Besides preschool, Janet’s special interests include working with parents, diversity, family child care, and infants.  In the 1970’s she studied with Magda Gerber, an infant expert from Hungary.  Recently she has studied at the Pikler Institute in Budapest where Magda came from.  Janet has written 4 ECE textbooks, plus a book on diversity and 2 parenting books, including a humorous one that is called Dragon Mom.  Presently Janet is involved in helping create a training project called “Strengthening Family and Professional Partnerships” with the National Association for the Education of Young Children.  In 2002 she co-authored Bridging Cultures in ECE, a training manual, also for WestEd.  She has been on the faculty of WestEd’s Program for Infant-Toddler Care training of trainer institutes since 1991.  Since 1998 she has been on the faculty of Beginning Together, another training of trainer institute for helping professionals learn to include children with special needs in early care and education programs.   


Janet lives in a multicultural family in a state where there is no longer a majority culture.  In California, everyone now is a minority.  Janet earned a B.A. in English from University of California, Davis (1959) and a M.A. in Human Development from Pacific Oaks College (1976).

Table of Contents

Welcoming Everybody
Appreciating all Kinds of Familiesp. 1
Working with Immigrant Familiesp. 3
Including Families of Children with Special Needsp. 6
Creating an Antibias Environmentp. 8
Respecting All Families, Including Those with Same-Sex Parentsp. 11
Partnerships with Families
Building Partnershipsp. 13
Removing Barriers to Partnershipsp. 15
Minimizing Competition with Parentsp. 18
Supporting Attachmentp. 20
Considering Authorityp. 23
Focusing on Family Strengthsp. 25
Helping Parents to Be Advocates for Their Childrenp. 28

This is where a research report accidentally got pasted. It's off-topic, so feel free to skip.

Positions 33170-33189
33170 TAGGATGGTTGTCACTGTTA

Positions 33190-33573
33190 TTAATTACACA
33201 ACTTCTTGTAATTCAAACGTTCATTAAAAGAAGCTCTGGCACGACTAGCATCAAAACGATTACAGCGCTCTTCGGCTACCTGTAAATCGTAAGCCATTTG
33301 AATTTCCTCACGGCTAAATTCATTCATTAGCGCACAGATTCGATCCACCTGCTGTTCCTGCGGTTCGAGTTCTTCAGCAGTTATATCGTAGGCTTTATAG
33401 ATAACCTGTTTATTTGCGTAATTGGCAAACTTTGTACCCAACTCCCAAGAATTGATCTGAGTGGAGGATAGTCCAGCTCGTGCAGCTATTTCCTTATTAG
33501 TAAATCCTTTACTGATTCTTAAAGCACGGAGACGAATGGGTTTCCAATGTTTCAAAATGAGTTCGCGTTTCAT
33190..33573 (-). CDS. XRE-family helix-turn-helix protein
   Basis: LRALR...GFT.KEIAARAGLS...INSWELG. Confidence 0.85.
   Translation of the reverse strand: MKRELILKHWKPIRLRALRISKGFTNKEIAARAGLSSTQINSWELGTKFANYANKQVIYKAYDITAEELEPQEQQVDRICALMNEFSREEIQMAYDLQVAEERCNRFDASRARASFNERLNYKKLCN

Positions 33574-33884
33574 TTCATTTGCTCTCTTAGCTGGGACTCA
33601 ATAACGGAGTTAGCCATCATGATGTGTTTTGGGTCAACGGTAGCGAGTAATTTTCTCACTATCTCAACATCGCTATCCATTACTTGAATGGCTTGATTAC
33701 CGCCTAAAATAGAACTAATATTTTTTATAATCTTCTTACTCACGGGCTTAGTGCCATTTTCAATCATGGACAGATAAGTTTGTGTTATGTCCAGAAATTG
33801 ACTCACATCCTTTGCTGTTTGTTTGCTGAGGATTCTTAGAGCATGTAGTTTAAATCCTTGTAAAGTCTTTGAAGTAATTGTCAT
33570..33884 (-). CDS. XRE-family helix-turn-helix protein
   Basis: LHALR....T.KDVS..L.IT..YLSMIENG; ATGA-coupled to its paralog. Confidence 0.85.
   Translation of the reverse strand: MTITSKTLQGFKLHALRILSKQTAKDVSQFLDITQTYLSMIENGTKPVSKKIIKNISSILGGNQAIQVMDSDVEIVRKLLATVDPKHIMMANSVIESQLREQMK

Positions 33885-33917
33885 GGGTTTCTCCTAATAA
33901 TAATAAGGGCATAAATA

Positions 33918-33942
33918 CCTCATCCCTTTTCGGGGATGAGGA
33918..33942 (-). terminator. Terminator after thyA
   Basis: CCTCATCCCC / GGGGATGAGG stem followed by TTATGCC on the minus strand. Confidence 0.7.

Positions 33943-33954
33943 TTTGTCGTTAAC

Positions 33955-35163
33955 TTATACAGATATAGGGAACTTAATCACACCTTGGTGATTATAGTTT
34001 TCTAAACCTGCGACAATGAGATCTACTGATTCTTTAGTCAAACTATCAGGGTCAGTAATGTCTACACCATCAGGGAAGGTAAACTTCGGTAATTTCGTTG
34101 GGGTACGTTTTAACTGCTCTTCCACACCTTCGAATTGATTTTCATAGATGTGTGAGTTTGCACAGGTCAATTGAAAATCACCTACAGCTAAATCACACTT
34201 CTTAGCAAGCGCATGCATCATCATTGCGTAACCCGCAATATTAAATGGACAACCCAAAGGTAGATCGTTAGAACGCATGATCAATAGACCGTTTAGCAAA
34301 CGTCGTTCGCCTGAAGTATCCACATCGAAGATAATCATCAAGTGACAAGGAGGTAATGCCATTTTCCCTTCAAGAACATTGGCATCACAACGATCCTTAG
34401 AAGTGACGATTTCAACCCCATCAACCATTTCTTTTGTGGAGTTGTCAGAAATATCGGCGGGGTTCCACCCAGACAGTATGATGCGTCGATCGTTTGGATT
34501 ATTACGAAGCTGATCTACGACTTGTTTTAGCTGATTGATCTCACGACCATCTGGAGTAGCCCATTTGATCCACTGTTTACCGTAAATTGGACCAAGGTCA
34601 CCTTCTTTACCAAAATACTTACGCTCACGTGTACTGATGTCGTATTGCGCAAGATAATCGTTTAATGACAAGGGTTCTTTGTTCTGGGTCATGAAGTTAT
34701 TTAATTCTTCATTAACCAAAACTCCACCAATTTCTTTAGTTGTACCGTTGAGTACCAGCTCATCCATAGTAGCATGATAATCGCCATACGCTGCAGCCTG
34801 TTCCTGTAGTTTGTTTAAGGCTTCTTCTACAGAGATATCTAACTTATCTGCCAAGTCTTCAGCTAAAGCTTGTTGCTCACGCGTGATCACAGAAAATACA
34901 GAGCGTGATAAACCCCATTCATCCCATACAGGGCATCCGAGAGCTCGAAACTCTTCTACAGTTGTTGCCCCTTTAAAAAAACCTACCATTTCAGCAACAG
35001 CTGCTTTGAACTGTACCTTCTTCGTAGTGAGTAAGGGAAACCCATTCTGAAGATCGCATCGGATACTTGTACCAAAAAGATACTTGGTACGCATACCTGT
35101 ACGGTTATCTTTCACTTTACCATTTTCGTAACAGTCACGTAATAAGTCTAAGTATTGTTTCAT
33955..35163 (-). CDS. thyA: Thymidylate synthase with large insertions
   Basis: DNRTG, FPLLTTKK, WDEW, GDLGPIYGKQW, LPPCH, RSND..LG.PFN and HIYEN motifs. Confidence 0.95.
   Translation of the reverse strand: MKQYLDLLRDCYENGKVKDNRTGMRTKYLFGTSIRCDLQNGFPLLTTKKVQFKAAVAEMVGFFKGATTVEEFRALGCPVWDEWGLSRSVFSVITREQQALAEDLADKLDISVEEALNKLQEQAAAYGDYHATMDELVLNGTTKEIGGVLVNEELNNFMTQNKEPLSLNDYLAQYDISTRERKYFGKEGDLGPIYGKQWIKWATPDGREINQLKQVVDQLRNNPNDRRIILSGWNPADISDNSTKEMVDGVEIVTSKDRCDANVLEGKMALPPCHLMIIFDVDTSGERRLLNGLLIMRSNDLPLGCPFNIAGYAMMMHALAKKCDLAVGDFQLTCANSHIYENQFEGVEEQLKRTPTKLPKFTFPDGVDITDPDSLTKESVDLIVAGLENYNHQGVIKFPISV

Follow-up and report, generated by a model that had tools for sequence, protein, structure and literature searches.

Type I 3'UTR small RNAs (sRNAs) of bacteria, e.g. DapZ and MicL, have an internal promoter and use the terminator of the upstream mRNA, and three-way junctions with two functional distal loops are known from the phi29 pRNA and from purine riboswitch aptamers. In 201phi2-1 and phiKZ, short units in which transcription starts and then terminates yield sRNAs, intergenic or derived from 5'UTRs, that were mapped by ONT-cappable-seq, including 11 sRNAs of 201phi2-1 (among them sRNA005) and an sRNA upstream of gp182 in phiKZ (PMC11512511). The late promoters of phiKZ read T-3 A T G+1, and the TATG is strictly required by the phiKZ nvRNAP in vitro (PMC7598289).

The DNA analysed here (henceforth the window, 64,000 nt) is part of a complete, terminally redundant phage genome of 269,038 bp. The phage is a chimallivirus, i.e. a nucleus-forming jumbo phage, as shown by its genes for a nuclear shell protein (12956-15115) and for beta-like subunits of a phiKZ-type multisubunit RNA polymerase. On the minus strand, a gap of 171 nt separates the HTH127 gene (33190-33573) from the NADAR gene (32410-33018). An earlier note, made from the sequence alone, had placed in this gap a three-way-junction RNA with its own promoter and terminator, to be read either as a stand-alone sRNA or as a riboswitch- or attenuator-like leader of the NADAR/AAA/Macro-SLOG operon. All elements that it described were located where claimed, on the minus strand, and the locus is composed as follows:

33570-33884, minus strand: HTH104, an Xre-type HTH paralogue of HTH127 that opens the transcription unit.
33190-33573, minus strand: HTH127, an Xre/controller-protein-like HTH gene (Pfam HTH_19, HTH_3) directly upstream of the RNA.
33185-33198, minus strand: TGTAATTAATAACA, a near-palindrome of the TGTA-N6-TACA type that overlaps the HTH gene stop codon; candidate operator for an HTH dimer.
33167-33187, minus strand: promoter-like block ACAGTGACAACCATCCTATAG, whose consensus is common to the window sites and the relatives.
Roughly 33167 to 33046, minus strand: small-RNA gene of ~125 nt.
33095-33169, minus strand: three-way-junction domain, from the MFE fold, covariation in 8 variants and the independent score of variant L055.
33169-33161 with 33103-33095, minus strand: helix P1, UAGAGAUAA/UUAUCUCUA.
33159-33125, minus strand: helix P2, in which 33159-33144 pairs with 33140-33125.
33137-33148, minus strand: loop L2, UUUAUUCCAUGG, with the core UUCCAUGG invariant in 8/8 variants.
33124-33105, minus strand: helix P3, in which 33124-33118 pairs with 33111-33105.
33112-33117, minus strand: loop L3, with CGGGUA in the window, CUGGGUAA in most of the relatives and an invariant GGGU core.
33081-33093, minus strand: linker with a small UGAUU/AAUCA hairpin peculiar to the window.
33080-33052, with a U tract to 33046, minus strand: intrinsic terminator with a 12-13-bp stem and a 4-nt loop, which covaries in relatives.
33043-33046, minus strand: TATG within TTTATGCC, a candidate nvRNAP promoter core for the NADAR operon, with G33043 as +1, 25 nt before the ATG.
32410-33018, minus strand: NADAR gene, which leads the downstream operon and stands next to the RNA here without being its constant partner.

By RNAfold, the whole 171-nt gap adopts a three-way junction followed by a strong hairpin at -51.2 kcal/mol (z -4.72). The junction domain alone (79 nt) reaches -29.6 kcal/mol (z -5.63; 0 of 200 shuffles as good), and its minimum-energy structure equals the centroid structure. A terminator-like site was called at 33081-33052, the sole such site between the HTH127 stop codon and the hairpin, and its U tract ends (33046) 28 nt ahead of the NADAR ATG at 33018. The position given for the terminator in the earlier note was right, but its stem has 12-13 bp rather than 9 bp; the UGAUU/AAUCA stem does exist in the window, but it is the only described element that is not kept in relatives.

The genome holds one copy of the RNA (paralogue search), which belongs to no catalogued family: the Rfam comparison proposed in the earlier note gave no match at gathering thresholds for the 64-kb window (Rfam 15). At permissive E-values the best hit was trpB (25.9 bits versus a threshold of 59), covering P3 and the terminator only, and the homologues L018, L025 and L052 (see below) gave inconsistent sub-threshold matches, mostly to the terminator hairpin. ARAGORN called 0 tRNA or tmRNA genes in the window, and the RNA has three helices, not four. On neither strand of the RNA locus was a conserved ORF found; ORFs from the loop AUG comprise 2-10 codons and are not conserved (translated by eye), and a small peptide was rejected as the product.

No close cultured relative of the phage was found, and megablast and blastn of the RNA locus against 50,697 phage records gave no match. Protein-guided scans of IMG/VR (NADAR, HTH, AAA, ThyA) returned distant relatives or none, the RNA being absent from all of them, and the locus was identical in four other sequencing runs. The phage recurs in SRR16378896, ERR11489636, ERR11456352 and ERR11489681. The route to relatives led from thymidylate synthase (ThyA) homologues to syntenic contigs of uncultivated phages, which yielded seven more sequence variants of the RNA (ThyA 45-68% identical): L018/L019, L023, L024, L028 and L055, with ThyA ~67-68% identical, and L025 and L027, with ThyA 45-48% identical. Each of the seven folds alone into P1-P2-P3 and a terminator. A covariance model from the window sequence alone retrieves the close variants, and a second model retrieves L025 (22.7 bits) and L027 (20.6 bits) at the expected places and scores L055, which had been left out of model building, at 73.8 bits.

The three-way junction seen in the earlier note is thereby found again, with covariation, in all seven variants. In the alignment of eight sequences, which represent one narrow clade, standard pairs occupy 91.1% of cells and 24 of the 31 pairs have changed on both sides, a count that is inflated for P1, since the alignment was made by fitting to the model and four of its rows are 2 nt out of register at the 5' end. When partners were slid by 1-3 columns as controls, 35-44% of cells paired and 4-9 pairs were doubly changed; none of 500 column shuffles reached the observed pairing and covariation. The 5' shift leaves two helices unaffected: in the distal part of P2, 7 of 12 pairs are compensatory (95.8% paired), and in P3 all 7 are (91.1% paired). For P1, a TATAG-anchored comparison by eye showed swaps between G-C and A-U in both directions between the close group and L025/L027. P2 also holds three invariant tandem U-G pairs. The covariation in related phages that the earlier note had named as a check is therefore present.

Encouraging Parents to Become Advocates for all Childrenp. 30
Creating a Sense of Communityp. 33
Honoring and Working with Diversity
Understanding and Appreciating Cultural Differencesp. 36
Establishing Culturally Responsive Education and Carep. 39
Working with Conflicts Around Education and Care Practicesp. 41
Considering Cultural Differences in Guidance and Disciplinep. 43
Working with Families Around what you Believe Are Harmful Practicesp. 45
Thinking about Differing Ideas Related to How Children Learnp. 47
Managing Conflictsp. 50
Family Participation and Education
Considering Family Participationp. 54
Including Parents in the Classroom or Centerp. 58
Focusing on Fathersp. 61
Taking a Transformative Approach to Parent Educationp. 64
Working with Parents around Holiday Issuesp. 66
Exploring Parents' Role on Decision-Making Boards and Councilsp. 68
Creating Environments for Communicationp. 71
Empowering Self and Othersp. 73
Communicating Through Writingp. 75
Holding Ongoing Conversations with Familiesp. 78
Looking at Nonverbal Communication Across Culturesp. 80
Meetings and Conferences
Meeting with Families for the First Timep. 82
Thinking about Meetings in Generalp. 85
Holding Conferencesp. 87
Considering Cross-Cultural Conferencesp. 90
Talking with Families when Concerns Arisep. 92
Working with Parents around Specific Issues
Helping the Child Enter the School or Programp. 94
Maintaining Home Languagep. 97
Easing Children Through Transitionsp. 99
Bringing Nature into Children's Livesp. 101
Addressing Obesity with Nutritionp. 104
Dealing with Media Issuesp. 106
Maintaining Stability During Divorcep. 109
Coping with a Death in the Familyp. 111
Finding Community Resources and making Referralsp. 113
Challenging Conversations
Working with Parents who Constantly Complainp. 115
Working with Parents who Appear Hostilep. 117
Talking with Parents about Behavior Changesp. 119
Referring Families for Abuse or Neglectp. 121
Referencesp. 123
Indexp. 129
Table of Contents provided by Ingram. All Rights Reserved.